Three days after we left Christchurch it was a reluctant farewell to our old yellow friend. She absolutely hadn’t missed a beat the whole way. You had the sense that three of us had been on an adventure, Carl, me, and the ERF. Have we come far since Malt Mackay’s test in 1988? Well, there’s still an engine, gearbox, and diffs with suspension and chassis rails, and a shed with a window at the front. Boffins will hold you ‘captivated’ with the technology they’ve injected, making trucks more productive, and safer. The sad part about all that though, is they won’t hear a word you’re saying when you’re trying to explain to them the unexplainable – that in all their cleverness they’ve left something behind. Something that’s still very much alive in an old, beautiful, yellow ERF parked in a shed in Penrose.


“The Rolls Royce of trucks”
Many moons ago, the early 90s to be precise, Ron Carpenter needed one of his ERF E-Series trucks relocated from Christchurch to his property in Palmerston North. At the time, Neil Bretherton was at university in Christchurch. Ron’s son Andrew and Neil had been mates through school and so Ron called Neil and asked if he could bring the truck home. “So I brought it up,” said Neil. “It was the greatest trip of my life. I left Christchurch at one in the morning to catch the six o’clock ferry and drove up with the window down the whole way. I remember Andrew saying to me when the truck was parked in a paddock in front of Ron’s place, ‘You know, this is the Rolls Royce of trucks’, and in my mind it’s never changed.


Photo: The complexity of the modern truck cockpit is best exemplified by the simplicity of the ERF. A functional easy-to-use workspace that you could still spend a working day in.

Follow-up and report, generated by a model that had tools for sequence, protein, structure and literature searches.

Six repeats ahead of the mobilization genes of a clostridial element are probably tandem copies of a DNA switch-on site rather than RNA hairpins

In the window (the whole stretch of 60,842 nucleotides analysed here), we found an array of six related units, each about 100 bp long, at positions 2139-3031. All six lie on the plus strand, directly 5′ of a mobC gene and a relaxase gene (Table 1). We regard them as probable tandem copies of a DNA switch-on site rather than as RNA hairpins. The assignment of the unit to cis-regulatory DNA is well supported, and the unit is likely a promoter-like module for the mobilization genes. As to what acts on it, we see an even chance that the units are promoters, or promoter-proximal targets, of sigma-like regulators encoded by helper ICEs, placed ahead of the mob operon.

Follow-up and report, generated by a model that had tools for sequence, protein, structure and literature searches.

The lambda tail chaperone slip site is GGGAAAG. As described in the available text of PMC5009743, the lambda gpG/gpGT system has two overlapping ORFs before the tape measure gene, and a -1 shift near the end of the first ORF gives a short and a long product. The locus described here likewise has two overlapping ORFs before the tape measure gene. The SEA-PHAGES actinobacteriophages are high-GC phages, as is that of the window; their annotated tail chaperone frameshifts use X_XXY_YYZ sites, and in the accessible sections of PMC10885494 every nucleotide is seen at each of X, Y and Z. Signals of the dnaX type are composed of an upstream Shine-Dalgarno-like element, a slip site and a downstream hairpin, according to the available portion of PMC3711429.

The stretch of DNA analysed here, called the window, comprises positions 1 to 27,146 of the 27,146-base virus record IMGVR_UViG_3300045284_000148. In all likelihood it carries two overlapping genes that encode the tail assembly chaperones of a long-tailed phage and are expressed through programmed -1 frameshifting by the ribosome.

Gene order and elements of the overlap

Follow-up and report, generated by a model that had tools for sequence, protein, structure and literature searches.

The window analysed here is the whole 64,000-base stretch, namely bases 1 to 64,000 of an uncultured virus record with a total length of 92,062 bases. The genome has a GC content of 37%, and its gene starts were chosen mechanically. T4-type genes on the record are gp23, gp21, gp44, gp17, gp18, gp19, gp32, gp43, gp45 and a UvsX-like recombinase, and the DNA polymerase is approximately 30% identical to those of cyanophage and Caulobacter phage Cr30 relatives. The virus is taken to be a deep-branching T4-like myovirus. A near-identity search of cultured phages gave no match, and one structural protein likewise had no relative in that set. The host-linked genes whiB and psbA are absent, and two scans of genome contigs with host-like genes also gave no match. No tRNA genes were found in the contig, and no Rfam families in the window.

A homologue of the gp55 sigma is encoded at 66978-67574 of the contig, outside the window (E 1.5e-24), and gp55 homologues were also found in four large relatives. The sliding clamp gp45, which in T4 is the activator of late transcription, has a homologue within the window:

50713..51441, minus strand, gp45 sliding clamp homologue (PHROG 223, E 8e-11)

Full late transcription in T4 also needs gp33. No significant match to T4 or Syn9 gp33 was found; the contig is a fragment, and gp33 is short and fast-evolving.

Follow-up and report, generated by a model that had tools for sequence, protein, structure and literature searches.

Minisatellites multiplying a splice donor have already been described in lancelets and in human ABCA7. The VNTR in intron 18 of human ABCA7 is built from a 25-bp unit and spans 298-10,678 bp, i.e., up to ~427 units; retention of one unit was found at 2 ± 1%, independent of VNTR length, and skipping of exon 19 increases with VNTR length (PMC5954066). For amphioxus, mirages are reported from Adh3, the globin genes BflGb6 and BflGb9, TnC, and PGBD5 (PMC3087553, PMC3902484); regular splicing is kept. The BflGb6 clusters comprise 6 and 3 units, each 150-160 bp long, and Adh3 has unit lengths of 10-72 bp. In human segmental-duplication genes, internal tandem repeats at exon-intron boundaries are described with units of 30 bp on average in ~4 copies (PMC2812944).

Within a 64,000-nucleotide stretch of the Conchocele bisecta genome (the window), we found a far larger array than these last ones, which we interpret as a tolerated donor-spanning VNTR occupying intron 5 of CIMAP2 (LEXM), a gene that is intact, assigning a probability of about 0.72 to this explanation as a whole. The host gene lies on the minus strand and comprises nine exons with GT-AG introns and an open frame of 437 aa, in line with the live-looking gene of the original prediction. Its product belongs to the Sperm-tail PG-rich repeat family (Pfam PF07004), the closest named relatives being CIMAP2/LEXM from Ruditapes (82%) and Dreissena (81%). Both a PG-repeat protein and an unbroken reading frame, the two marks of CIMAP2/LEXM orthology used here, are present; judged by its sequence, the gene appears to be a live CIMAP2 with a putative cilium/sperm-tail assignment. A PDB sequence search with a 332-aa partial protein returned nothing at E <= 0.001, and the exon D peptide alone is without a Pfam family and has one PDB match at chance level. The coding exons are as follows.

This truck is the epitome of a truck.” Over the years Neil kept track of E-Series ERF number plates, harbouring a desire to track down one of the original ERFs and bring it back to full glory. “I think it was 2007 down in Napier and I saw this thing sitting behind a workshop in a huge puddle, and I thought, ‘That’s our old truck.’” It wasn’t just any old truck, it was the truck that Neil had driven to Palmerston North all those years ago. Neil bought the truck and for the next 10 years it would serve as the company yard tug in TR Group’s Penrose yard. As the 25th anniversary of the company loomed, the planned restoration was undertaken. The truck is in its original Truck Rentals Ltd livery. As he casts a glance at the ERF sitting beside us there’s a glint in Neil’s eye. “This is my truck in terms of a bonding experience.”


Photo: Scaring the Kereru on the Shenandoah with you know what.


Photo: Two grand old ladies.


Edwin Richard Foden’s best mate, Jake
As a schoolboy I was out for the day in an LW Kenworth logger; we are in the midst of unloading at Thames Sawmilling Company near Thames when above the din a rumble resonates right through us. I turn towards the entrance of the mill trying to glimpse what it was generating this diesel-based orchestral wonderment. Into view came Graeme ‘Gunner’ Wright in his MW ERF.

The moment you mention ERF in front of any diesel junkie, whether they tend to a Euro or Yankee flavour, they will immediately recount a love for the brand’s ability to combine the Jacobs heads on a Cummins, with a Donaldson muffler, and produce a wind instrument that would cause Beethoven to go back and rewrite the 1812. A note so enjoyable and addictive that some operators even today tinker with their late model Euro 5 units – sometimes at huge risk – just to try and get somewhere close. While bureaucrats continue to acknowledge your The truck that started a love of the British Jacobs Brake symphony for Carl. product’s effect on society with the placement of ‘No Engine Braking’ signs at the entrance to their municipalities, we salute you Edwin Richard Foden with a 21 ‘Jake’ salute.


Photo: The truck that started a love of the British Jacobs Brake symphony for Carl.

Thank you TR Group
We’d had the idea for the Retro Tests for a wee while and it was the wonderful team at TR Group who offered the ERF to kick us off. Thanks so much to everyone in the TR family for their time, patience, and generosity in getting this first one on the road.